Senator Rand Paul from Kentucky has made his opinion on American foreign aid quite clear. While there are people here in the United States who still suffer from lack of health insurance and inadequate education, Senator Rand Paul believes that American money should be spent on internal improvements.
However, with a consistent focus on strong national security by the last five or so presidencies, it is not that foreign aid should be cut or reduced. Rather, it should be moved around to be made better use of.
There is military aid, which aims to achieve a specific national security goal directly. This may include ammunition, military bases, or force training. The second category of foreign aid could be best labeled as ‘structural’ aid. Structural aid is given to countries as humanitarian aid, money to rebuild infrastructure, improve health care and education, among other areas. While some may wish to argue otherwise, structural aid allows countries to stabilize themselves internally to prevent outbreaks such as civil wars or terrorist-like groups from arising from the grievances the populace may have.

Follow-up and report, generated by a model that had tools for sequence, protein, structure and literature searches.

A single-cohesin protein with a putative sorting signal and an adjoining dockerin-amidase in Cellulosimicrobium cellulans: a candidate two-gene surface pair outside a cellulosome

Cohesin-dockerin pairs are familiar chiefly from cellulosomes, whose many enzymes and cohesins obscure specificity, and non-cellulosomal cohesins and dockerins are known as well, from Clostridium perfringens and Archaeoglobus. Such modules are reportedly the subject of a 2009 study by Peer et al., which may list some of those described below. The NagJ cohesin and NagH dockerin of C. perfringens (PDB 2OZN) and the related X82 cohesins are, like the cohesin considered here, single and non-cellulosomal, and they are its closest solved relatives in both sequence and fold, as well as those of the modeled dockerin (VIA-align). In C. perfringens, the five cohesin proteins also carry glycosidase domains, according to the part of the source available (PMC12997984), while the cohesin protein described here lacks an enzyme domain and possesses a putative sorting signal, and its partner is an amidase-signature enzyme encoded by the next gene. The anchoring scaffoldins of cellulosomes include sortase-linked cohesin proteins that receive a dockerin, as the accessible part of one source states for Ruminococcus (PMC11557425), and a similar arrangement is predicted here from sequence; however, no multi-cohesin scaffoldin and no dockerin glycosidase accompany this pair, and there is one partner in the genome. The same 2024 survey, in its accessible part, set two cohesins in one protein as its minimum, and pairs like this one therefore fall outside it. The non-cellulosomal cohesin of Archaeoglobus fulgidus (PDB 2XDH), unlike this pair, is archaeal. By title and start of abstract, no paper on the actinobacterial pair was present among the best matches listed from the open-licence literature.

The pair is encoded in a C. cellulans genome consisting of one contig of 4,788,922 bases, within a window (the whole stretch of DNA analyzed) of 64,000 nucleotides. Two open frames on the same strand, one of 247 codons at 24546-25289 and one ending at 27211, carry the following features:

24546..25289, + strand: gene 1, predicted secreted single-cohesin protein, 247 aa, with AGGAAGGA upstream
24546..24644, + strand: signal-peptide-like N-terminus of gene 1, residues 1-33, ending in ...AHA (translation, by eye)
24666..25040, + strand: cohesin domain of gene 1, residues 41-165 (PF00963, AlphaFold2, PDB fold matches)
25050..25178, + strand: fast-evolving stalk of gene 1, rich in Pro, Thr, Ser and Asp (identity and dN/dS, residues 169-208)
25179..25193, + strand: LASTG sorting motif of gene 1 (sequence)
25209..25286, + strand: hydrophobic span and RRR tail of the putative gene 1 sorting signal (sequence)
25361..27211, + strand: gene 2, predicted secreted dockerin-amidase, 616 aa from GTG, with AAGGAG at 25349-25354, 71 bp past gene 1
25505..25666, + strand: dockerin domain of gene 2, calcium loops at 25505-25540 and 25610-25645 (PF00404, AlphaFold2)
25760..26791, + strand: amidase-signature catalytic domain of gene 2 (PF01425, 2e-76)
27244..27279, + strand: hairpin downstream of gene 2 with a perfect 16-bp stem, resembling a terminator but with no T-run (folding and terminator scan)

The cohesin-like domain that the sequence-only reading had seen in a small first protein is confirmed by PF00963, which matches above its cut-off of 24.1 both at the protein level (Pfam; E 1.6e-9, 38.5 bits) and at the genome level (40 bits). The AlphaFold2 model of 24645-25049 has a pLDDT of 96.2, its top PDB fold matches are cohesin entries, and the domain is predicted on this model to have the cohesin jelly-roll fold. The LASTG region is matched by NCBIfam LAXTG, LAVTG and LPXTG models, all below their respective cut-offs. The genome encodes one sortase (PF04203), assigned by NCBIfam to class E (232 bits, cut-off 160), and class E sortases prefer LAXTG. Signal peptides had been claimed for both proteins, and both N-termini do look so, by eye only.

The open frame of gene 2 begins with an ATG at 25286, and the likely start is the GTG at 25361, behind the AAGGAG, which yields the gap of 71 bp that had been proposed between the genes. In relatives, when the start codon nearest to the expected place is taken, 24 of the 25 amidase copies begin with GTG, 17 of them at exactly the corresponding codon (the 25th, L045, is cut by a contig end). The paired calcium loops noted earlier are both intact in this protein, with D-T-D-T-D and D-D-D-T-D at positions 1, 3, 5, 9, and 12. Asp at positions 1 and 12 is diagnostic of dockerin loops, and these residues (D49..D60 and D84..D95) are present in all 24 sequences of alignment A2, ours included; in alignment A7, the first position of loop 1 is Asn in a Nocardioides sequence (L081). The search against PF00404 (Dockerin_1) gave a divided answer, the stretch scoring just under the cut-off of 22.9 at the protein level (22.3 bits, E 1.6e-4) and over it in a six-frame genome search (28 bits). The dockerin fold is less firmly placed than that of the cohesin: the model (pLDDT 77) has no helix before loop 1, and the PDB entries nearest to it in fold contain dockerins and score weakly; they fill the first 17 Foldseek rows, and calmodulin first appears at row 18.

While military aid tries to end the problem after it comes out of hand, structural aid should be looked at as a way to prevent the problem before it even starts. However, it can be hard to differentiate between the most pressing needs of a foreign country and how that fits into America’s economic ability. Sometimes, nations are not in any political state to receive structural aid. For example, funding education and health care services in Syria is understandably difficult at the moment when rebels and government forces are constantly killing citizens and endangering their everyday lives.
Although it will be hard to convince our nation’s government of the usefulness of structural aid because its actual ‘return’ takes years to surface, pumping money into military aid and then criticizing the use of structural aid ignores the link between both categories and minimizing threats to our national security.
The U.S. presence in countries should not have to start only when wars break out. We should utilize our outstanding resources and analysts to pinpoint countries that are currently able to make the most use out of American aid and begin smoothing out the small bumps on the road before they turn into dangerous potholes.
– Deena Dulgerian